Sunday, January 31, 2010

The Turtle has Landed

The weathervane has been ready for quite a while, but other tasks were more critical.  He's finally up where he belongs.
The final components of the septic system are in, including the above ground blower chamber and vent.  We'll have to do some creative landscaping to disquise them.
There is still protective plastic film on most of the windows which makes them look a little cloudy.
I haven't posted any interior shots in a while.  Here's the Living Room.
And here it is from the other direction.
And this is looking up from the Living Room to the dormer window above.
The Kitchen will be to the left and Dining Room to the right.  The windows in the Kitchen look like the double hung windows we have elsewhere, but are actually casement windows.  They are relatively tall and will be just above counter level.
And this is standing in the Kitchen, looking at the Dining Room.  The plastic film really obscures the view, though.
This is the Master Bedroom.  The bed will go below the small rectangular awning windows.
And this is the Second Floor looking toward the Bedroom at the far end.

Monday, January 18, 2010

Odds and Ends

The exterior still isn't quite complete, so I figure I'll wait until it's more finished before posting another exterior photo.  In the meantime, this is some of what's going on.


We will produce some of our electricity with rooftop photovoltaic panels.  We have just over 200 square feet of south-east facing roof available, so the size of the system is a little limited.  According to the numbers provided by the installers, after rebates there should be a 5-6 year payback.  I'm always a little skeptical but, even if it turns out to be twice that, that's still not a bad return.  Net metering makes it worthwhile because that the electricity fed back into the system is credited at full retail cost.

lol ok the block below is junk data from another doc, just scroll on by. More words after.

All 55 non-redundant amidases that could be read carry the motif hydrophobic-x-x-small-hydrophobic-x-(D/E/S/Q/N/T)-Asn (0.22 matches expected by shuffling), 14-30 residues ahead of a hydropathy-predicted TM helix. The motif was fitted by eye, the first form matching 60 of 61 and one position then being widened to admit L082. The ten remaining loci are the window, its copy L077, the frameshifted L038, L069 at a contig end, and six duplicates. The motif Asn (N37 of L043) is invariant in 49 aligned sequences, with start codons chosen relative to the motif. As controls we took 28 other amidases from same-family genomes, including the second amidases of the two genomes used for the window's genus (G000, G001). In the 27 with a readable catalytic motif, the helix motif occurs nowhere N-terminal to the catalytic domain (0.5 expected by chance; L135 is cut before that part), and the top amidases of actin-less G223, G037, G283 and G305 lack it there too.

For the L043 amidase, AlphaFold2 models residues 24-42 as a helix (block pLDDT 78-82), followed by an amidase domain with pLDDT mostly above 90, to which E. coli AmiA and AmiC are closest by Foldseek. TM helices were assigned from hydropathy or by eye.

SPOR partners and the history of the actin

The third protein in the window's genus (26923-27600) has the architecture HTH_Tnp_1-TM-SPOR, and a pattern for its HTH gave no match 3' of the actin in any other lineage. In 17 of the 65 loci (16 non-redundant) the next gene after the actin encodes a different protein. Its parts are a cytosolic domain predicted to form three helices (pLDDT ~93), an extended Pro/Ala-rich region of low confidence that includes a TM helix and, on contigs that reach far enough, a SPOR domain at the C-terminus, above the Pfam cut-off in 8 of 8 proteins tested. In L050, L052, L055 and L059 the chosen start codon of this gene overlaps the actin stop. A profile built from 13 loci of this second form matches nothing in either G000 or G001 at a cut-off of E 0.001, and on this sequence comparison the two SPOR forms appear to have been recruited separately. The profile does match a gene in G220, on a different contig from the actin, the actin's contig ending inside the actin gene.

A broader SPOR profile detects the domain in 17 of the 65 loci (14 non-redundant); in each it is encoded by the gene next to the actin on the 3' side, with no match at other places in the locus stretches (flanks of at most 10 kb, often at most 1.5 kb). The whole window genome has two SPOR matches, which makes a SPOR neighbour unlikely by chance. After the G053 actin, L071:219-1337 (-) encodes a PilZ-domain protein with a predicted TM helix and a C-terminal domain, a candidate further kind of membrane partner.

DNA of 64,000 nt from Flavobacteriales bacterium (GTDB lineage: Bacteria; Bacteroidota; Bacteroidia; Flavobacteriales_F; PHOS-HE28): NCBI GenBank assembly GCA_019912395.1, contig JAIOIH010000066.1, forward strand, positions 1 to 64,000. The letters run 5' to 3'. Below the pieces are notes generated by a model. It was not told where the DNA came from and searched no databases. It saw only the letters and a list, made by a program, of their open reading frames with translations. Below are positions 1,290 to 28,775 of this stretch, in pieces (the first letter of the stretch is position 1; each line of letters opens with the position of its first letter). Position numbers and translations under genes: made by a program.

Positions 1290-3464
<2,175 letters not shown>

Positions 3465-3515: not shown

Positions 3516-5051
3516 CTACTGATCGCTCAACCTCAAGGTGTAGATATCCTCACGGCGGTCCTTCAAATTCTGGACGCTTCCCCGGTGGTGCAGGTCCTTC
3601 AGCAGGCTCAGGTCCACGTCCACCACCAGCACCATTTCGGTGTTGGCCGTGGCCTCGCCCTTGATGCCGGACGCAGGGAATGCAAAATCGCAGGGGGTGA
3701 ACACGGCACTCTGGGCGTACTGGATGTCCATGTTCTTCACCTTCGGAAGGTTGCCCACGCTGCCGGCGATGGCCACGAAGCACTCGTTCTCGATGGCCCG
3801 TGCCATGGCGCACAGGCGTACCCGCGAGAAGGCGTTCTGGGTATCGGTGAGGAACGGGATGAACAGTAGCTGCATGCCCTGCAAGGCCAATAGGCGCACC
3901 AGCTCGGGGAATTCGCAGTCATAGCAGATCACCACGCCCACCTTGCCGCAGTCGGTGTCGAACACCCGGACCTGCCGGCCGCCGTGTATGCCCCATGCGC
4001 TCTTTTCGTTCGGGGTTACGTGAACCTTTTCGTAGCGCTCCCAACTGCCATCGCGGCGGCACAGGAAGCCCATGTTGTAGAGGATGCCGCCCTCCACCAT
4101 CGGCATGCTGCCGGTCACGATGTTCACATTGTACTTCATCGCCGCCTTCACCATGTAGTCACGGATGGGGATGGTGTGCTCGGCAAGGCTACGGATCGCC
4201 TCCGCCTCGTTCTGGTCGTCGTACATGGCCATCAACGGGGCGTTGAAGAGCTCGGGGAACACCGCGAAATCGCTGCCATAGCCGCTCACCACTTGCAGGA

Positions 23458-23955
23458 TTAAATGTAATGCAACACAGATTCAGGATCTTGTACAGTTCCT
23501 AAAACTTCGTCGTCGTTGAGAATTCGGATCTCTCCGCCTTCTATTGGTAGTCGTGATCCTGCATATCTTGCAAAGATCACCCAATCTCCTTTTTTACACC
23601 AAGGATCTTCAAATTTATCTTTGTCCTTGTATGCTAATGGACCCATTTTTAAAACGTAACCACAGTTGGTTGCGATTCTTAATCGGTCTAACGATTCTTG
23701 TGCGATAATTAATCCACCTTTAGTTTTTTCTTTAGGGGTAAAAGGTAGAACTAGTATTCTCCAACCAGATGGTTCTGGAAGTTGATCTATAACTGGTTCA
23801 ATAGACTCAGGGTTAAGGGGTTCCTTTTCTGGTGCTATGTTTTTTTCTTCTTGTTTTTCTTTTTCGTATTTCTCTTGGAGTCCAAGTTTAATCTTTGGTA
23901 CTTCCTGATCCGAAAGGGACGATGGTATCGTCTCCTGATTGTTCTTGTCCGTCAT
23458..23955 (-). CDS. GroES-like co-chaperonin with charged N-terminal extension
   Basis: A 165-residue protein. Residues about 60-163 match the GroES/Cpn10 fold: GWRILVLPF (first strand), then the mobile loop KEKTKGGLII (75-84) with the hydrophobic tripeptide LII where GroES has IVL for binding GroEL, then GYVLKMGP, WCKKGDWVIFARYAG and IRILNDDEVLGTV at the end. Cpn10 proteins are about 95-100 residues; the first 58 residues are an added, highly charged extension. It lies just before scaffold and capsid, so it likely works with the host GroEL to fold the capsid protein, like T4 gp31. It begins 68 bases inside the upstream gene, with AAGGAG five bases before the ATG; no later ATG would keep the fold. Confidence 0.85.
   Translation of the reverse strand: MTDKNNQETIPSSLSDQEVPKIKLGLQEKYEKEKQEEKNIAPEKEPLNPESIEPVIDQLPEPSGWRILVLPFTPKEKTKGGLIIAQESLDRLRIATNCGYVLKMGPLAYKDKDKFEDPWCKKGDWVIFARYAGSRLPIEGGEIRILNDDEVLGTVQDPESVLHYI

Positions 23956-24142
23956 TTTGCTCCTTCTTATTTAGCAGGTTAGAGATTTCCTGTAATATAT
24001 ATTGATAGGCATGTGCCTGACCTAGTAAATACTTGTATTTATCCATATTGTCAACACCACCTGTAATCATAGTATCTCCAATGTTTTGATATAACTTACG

We've chosen a cabinetmaker and are finalizing the details.  We've looked at many different kinds of cabinets, from IKEA to modified stock cabinets to full custom.  In the end we're using Horgan Millwork, who is nearby in Hyannis.  We actually kind of stumbled into them.  I saw their truck outside their shop and stopped in.  They don't advertise and they don't even have a sign on their building.  Scott Horgan was rather surprised to have someone walk in off the street, as they don't usually deal with homeowners or the public.  They specialize in kitchen cabinets and seem to run an efficient shop.  They do some beautiful high end kitchens, and their price is relatively reasonable for what you get.

Figuratively, not literally.  Last week I recieved a call from the Board of Health.  They said that the house was two feet longer than what they had approved and that maybe I should stop construction until their next Board of Health meeting in February.  That call was a rather large shock.  Thank heaven for emails.  Last June I had sent the BOH an email with the proposed floor plans and received a response back that the modified plans were fine.  They also had to sign off before the building permit was issued, and knew that the plan was slightly different and 40 feet long rather than 38 feet.  Fortunately this issue resolved itself and is not a problem.  I wouldn't want to have to decide whether to saw off the left side or the right side.